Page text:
An Important Choice
During cataract surgery, your physician will replace your natural lens with an IOL.
Today there are multiple types of IOLs, each delivering a different performance
profile based on how the lens is designed. Here are the basics about the three main
types of IOLs:
Standard Monofocal IOLs
A standard monofocal IOL is a fixed lens (it doesn't move) that
is designed to deliver improved vision at just one distance (usually far). The potential
drawback is that after surgery, you will probably need to wear glasses for near
and intermediate vision, even if you didn't wear glasses before surgery.
A multifocal lens uses multiple visual zones that are built
into the lens itself to provide vision at various distances. It's almost like the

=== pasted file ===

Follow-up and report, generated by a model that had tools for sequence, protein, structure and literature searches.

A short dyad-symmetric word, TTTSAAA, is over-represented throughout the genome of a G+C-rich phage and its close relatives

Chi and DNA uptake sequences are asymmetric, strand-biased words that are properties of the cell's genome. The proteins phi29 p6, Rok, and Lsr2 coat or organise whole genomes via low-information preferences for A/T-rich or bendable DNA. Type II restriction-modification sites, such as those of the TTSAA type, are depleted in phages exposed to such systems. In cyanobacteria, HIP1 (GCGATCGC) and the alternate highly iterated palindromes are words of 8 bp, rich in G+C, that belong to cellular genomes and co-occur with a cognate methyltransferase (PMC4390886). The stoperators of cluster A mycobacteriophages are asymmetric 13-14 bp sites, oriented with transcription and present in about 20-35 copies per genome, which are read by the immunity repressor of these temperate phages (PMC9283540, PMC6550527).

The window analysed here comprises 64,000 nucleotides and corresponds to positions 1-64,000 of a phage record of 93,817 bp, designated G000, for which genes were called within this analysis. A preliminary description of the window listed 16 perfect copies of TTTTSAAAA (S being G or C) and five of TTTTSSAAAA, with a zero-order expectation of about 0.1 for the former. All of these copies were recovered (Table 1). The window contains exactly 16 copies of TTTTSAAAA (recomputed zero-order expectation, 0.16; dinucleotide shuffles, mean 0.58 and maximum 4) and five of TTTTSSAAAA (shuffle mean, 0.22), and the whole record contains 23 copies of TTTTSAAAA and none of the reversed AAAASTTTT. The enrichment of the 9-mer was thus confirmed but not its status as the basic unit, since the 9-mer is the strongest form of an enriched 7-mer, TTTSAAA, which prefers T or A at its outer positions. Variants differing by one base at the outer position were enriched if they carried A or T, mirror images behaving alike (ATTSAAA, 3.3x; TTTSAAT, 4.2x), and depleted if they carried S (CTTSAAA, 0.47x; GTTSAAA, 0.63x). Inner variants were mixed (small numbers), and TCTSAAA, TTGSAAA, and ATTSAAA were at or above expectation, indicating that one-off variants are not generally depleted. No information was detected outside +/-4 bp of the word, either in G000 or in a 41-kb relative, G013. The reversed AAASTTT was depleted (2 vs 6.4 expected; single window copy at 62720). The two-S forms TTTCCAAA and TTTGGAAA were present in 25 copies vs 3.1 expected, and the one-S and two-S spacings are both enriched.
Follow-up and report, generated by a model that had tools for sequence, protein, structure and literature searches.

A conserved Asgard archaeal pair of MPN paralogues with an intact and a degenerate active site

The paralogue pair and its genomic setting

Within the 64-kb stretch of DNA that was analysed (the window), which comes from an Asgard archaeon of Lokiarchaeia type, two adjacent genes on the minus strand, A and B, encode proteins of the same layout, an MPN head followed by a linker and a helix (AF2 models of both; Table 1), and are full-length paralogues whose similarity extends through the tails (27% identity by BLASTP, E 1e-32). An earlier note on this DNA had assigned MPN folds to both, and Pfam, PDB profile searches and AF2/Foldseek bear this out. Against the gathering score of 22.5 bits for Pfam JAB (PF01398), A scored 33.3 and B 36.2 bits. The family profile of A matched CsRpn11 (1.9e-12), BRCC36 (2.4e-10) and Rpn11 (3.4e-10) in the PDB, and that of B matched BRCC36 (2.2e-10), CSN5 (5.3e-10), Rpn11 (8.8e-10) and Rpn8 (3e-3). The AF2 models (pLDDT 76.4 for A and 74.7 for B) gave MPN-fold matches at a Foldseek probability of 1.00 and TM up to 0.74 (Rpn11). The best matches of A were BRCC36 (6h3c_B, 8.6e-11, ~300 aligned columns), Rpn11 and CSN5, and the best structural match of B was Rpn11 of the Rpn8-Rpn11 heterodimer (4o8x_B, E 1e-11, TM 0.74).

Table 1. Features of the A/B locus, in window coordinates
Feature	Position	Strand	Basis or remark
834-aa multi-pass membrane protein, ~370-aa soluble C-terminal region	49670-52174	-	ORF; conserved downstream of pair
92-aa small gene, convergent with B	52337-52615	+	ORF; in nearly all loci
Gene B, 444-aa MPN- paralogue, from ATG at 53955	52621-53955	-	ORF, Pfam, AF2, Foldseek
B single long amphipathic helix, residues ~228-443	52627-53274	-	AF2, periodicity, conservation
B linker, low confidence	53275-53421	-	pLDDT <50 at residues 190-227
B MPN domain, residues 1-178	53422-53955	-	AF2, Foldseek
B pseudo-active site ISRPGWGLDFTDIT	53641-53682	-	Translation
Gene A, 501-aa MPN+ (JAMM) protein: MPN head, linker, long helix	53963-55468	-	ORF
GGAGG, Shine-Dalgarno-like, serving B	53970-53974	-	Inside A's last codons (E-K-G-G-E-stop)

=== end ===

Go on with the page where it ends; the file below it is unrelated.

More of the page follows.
rings of a target, with some rings being dedicated to distance vision, while others
are used for near vision, similar to having a bifocal or trifocal lens inside the
eye. A multifocal IOL projects multiple images, requiring your brain to adjust to
the differences. Some patients have difficulty adjusting to seeing this way. Additionally,
intermediate vision (at arms length) can be compromised because the technology
is designed mainly for near and distance vision, at the exclusion of intermediate
vision. With multifocal IOLs, patients can have potential issues of glare and halos
especially when driving at night.
As the name implies, an accommodating lens "flexes"
or "accommodates" using the eyes natural muscles to focus on subjects
at various distances, delivering a fuller, more natural range of vision. Crystalens is the one and only FDA-approved accommodating lens available
in the United States. Many patients hardly if ever wear glasses after surgery.
More than twice the number of patients implanted with Crystalens could see at all
distances compared to a standard IOL.
Try the free iPhone App eye exam and understand your treatment options.